Christie’s to present Archduke Joseph Diamond at auction in Geneva
GENEVA, October 22, 2012 – Christie’s said that the Archduke Joseph Diamond, one of the rarest and most celebrated diamonds in the world, will be offered at auction in Geneva on 13 November 2012.
This gem combines an impressive size of 76.02 carats, perfect colour, and internally flawless clarity.
Its origin is traced to the ancient Golconda mines in India, the source of the world’s most coveted historical diamonds.
As the star lot of the fall jewelry auction season, this spectacular diamond presents an unprecedented opportunity for both new and established collectors to own an incomparable jewel of historical and gemological significance.
While the auction estimate is available only upon request, the Archduke Joseph Diamond is expected to achieve well in excess of US$15 million.
François Curiel, International Head of Christie’s Jewellery Department, said: “The Archduke Joseph Diamond created a sensation when Christie’s Geneva offered it for sale the first time in November 1993 where it realized CHF 9.7 million (US$ 6.5 million) – the equivalent of $10.5 million today. This November we have the privilege to give both new and established collectors the opportunity to own a piece of history once again.”
Provenance of the Archduke Joseph Diamond
Although it is not known exactly when the diamond entered the House of Habsburg, it has been officially recorded as the property of the Archduke Joseph August of Austria, Palatine of Hungary (1872-1962), and was subsequently named after him. As the first son of Archduke Joseph Carl of Austria (1833-1905) and Princess Clothilde of Saxe-Coburg and Gotha (1846-1927), Archduke Joseph August Viktor Klemens Maria was born in Alcsùt (Hungary), on 9 November 1872. He was the great grandson of Emperor Leopold II through his father and the great grandson of King Louis Philippe of France through his mother.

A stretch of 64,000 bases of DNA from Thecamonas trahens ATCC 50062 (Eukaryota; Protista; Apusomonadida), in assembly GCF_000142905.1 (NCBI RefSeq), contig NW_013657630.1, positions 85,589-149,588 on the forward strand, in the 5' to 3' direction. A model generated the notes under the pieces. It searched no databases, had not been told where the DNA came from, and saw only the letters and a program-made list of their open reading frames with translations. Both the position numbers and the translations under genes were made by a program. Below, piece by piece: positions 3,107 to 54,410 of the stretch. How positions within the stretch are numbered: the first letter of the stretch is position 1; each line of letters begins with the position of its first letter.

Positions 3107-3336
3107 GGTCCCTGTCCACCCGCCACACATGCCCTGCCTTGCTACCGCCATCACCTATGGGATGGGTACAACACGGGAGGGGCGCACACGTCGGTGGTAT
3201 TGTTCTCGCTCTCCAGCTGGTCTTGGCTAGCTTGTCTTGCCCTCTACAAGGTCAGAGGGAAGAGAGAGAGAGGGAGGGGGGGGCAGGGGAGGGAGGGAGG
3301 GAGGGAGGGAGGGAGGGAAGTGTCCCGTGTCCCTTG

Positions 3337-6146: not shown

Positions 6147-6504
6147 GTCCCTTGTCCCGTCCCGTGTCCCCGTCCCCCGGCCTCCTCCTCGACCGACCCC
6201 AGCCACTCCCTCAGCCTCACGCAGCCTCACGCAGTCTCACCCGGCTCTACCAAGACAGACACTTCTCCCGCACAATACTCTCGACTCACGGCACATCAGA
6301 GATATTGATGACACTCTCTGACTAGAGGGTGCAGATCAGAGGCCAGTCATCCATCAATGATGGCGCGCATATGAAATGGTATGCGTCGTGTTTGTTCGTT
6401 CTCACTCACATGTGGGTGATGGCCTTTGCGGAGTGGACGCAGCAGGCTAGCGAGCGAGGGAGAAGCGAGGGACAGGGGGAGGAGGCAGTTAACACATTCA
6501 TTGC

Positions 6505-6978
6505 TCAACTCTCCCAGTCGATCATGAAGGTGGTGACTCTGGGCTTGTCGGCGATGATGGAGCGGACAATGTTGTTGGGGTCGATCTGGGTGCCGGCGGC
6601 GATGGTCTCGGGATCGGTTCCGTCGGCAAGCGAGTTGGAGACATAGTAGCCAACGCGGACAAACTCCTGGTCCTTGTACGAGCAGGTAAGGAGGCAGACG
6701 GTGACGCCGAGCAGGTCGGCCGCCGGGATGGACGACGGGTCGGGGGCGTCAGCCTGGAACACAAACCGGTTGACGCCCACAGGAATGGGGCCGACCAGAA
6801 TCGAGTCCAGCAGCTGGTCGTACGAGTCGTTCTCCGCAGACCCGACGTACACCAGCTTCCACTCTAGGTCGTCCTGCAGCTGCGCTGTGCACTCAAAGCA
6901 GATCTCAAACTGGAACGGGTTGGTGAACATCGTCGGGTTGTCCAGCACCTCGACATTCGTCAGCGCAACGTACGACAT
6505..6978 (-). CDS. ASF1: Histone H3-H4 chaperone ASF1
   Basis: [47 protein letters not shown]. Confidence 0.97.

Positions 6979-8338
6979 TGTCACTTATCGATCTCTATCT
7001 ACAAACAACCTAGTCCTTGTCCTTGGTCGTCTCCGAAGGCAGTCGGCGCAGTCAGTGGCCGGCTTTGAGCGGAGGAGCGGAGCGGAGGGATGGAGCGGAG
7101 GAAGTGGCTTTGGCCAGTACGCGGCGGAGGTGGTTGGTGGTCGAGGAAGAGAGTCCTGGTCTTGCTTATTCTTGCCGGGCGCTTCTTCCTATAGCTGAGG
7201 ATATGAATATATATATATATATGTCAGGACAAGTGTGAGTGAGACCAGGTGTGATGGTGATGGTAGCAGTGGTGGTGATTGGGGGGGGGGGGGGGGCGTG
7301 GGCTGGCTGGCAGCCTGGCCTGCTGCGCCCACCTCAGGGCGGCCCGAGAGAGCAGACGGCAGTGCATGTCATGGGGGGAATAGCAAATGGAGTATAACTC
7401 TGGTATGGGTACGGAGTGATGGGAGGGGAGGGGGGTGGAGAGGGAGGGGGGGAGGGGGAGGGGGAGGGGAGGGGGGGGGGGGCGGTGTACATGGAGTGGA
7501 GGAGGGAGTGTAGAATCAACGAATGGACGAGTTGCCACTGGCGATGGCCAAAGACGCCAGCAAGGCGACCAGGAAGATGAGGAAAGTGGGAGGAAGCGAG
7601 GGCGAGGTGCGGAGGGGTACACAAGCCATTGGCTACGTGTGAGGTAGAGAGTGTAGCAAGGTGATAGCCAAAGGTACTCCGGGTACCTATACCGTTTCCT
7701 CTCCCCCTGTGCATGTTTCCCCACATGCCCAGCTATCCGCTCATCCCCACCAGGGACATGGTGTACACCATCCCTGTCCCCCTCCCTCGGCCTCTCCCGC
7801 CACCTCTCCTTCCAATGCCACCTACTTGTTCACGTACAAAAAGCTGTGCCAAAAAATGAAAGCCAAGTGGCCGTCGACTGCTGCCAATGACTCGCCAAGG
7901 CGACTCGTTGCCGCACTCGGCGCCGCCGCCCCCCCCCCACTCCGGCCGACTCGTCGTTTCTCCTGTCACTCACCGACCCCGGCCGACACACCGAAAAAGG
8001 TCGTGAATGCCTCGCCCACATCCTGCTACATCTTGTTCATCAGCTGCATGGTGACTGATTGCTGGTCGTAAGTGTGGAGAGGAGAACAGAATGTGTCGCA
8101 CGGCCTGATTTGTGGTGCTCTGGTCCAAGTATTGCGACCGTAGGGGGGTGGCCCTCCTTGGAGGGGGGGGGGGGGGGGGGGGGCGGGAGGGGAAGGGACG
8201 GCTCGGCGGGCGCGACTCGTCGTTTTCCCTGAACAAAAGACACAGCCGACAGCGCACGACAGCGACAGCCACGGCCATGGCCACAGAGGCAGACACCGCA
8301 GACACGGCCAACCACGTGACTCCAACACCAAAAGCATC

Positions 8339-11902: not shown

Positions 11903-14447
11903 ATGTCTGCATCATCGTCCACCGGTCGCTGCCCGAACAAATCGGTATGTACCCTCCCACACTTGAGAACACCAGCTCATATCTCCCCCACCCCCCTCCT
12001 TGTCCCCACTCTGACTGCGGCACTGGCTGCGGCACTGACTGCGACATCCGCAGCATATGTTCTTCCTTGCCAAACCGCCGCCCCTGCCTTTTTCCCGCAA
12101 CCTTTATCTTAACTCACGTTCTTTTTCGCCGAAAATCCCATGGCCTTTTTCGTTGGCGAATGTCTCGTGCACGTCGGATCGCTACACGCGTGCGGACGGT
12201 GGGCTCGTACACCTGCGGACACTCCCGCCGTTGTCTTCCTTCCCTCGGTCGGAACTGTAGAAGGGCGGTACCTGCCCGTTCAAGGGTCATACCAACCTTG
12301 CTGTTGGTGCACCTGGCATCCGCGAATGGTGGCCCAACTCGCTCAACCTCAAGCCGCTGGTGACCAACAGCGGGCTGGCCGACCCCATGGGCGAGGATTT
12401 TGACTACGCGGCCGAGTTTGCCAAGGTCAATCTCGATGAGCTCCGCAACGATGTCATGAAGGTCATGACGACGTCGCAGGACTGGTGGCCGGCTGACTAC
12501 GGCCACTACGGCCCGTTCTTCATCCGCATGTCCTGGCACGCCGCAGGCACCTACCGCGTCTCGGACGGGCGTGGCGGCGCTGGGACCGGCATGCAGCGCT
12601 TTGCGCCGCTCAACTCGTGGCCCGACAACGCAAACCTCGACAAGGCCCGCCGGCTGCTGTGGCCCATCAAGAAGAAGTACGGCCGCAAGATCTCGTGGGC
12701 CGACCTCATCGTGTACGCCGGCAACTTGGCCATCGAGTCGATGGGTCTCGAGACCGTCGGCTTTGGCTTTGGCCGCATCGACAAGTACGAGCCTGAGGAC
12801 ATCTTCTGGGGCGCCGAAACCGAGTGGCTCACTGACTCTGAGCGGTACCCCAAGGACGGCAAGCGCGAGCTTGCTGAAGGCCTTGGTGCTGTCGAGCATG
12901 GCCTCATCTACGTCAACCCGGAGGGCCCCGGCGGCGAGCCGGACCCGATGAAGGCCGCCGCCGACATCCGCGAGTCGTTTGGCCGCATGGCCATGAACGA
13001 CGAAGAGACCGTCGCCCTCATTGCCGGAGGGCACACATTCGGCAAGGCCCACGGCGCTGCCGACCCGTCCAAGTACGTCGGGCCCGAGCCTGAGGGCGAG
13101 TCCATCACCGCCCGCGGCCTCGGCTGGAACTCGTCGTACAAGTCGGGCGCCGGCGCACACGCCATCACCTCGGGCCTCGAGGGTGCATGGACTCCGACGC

In 1893, he married Princess Augusta of Bavaria, the granddaughter of Empress Elisabeth of Austria and Emperor Franz Joseph. He began a distinguished military career in 1890 and attained the rank of Field Marshal of the Austro-Hungarian Army in 1918 and was later named first Regent of Hungary. At the end of World War II, when Hungary was occupied by the Soviet Union, he emigrated for a few years to America but later returned to Germany where he died in 1962.
It is believed that the Archduke passed on the diamond to his son, the Archduke Joseph Francis (1895-1957), as records show that he deposited it in the vault of the Hungarian General Credit Bank on 1 June 1933. The diamond was sold three years later to an anonymous buyer who left it in a safe during World War II, fortunately escaping the attention of the Nazis. After decades of mystery, the diamond re-appeared on 22 June 1961 at auction in London, and was finally re-offered for sale in November 1993 at Christie’s Geneva. Slightly recut to 76.02 carats, the diamond is now Internally Flawless in clarity, and exhibits the characteristic limpid transparency for which Golconda diamonds are so celebrated.
Rahul Kadakia, Head of Jewellery, Christie’s Americas and Switzerland, commented: “The Archduke Joseph Diamond is the finest and largest perfect Golconda diamond ever to appear at auction. It is comparable in its noble lineage and superb quality to the legendary Koh-i-Noor diamond that forms part of the crown jewels of Great Britain.”